Abdulmumin Alhassan, Auditor General of the All Farmers Association of Nigeria (AFAN) Garko Chapter.
He confirmed that fertilizers supplied by KASCO were sold to farmers, despite their efforts to stop the act of selling the fertilizers above subsidized rate.
He explained that “as a farmer’s association, we were aware that KASCO was about to bring fertilizers.
“We are all aware that whenever the government provides fertilizers to farmers, it is usually at subsidized cost.
“However, in 2018, despite our efforts to stop them, the fertilizers supplied by KASCO were sold to farmers at high cost, and they overpowered us because there was political influence in the issue.”
“We went to the Garko Local Government Secretariat’s agricultural department, but we were told that it was none of the LGA’s business.”
“Hearing that we gave up and allowed them to operate their act of selling the fertilizers.”
Alhassan, AFAN, Auditor General, who is also a farmer at the same time in Garko Town and has 15 hectares of farmland, recounted having bought a huge quantity of Kampa fertilizers from KASCO in 2018.
“KASCO sold the fertilizers for us at N5,500 by deducting N2,000 from the market price, which was sold at N7,000.
“I see other farmers buying fertilizer, and I, too, am in need of it, so I decided to buy about 65 bags of Kampa fertilizer for N357,500, which I paid in cash.
“But if the fertilizers were given for free, it would have helped in increasing farm produce.
Abdulmumin Alhassan, Auditor General of the All Farmers Association of Nigeria (AFAN) Garko Chapter. PC: Herald Reporters
For example, on farmland where 50 bags of rice are harvested, the fertilizers could lead to over 120 bags after harvest.
“Currently, I cannot farm the whole of the 15 hectares.
“I barely farm 2 hectares of my farmland due to the recent hardship in the cost of fertilizer and petrol.”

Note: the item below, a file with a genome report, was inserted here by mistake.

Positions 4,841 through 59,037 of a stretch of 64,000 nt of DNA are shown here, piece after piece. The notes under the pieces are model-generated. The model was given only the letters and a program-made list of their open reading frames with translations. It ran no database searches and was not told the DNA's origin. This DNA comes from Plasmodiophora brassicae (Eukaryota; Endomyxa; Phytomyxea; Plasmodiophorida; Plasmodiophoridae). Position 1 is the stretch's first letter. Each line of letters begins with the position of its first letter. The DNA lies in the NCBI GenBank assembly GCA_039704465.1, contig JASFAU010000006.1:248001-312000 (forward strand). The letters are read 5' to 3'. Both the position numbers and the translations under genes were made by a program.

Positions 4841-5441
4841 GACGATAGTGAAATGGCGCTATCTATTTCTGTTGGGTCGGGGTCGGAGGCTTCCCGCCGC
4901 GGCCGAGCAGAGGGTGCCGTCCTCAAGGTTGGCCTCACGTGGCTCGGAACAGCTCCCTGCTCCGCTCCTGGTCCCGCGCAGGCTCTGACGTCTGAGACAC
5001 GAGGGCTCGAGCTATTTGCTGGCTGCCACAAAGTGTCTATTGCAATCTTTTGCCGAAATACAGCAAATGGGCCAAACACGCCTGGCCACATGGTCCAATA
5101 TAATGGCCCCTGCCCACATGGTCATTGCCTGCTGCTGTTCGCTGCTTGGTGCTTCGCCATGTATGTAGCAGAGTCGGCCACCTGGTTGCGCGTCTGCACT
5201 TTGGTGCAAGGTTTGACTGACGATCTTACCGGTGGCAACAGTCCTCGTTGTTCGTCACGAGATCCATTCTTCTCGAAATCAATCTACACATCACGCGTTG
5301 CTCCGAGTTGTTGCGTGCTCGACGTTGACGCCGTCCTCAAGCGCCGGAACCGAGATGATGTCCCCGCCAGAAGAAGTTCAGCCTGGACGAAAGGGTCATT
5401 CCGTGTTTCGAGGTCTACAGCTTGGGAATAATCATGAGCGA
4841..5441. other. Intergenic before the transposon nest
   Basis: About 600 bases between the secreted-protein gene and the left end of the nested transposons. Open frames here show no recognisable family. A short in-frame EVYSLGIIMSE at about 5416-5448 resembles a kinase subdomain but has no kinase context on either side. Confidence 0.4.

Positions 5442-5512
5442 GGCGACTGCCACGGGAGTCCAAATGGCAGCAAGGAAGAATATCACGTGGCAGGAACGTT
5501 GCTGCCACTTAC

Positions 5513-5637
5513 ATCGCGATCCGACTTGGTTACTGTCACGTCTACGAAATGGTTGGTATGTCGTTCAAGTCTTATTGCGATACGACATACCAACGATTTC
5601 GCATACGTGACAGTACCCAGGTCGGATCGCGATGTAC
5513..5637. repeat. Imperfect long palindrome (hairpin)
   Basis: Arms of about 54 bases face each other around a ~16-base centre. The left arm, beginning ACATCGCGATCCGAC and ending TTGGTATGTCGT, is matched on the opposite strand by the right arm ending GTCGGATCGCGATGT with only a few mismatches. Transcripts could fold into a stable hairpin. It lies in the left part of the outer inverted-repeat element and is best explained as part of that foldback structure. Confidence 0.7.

Groundnut Farming going into extinction in Gabasawa
In the early 1960s, groundnut production in Nigeria was at its peak.
Gabasawa is one of the LGAs in Kano that produces groundnut in commercial quantities and the farmers believe groundnut farming is a very profitable business to generate profit.
Abdullahi Habibulah, an 87-year-old farmer, told Herald reporters that in those good old days, women from different communities in Gabasawa used a traditional method to extract oil from the crop.
“Also, Gabasawa was part of the LGAs in Kano that produced a large quantity of groundnut used for the known groundnut pyramid in Kano,” Habibulah added.
Today, the cultivation of the crop has gradually dropped as farmers in Gabasawa shared concerns about the government turning a blind eye to their plight.
Umaru Alhassan, a groundnut farmer and member of the Gabasawa Groundnut Producers, Processors, and Marketing Association in Zakirai town, Gabsawa LGA, cultivates five hectares of groundnuts each year.
He said: “I can only boast of 85 to 100 bags after harvesting the crop.” attributing his losses to a low-yielding seed variety and a lack of fertilizer.
He bemoans the lack of incentives for groundnut farmers in Zakirai, emphasising that the state government fails to recognise the importance of the crop.
He said: “Even when we were using local manures to farm groundnuts, I had a moderate harvest.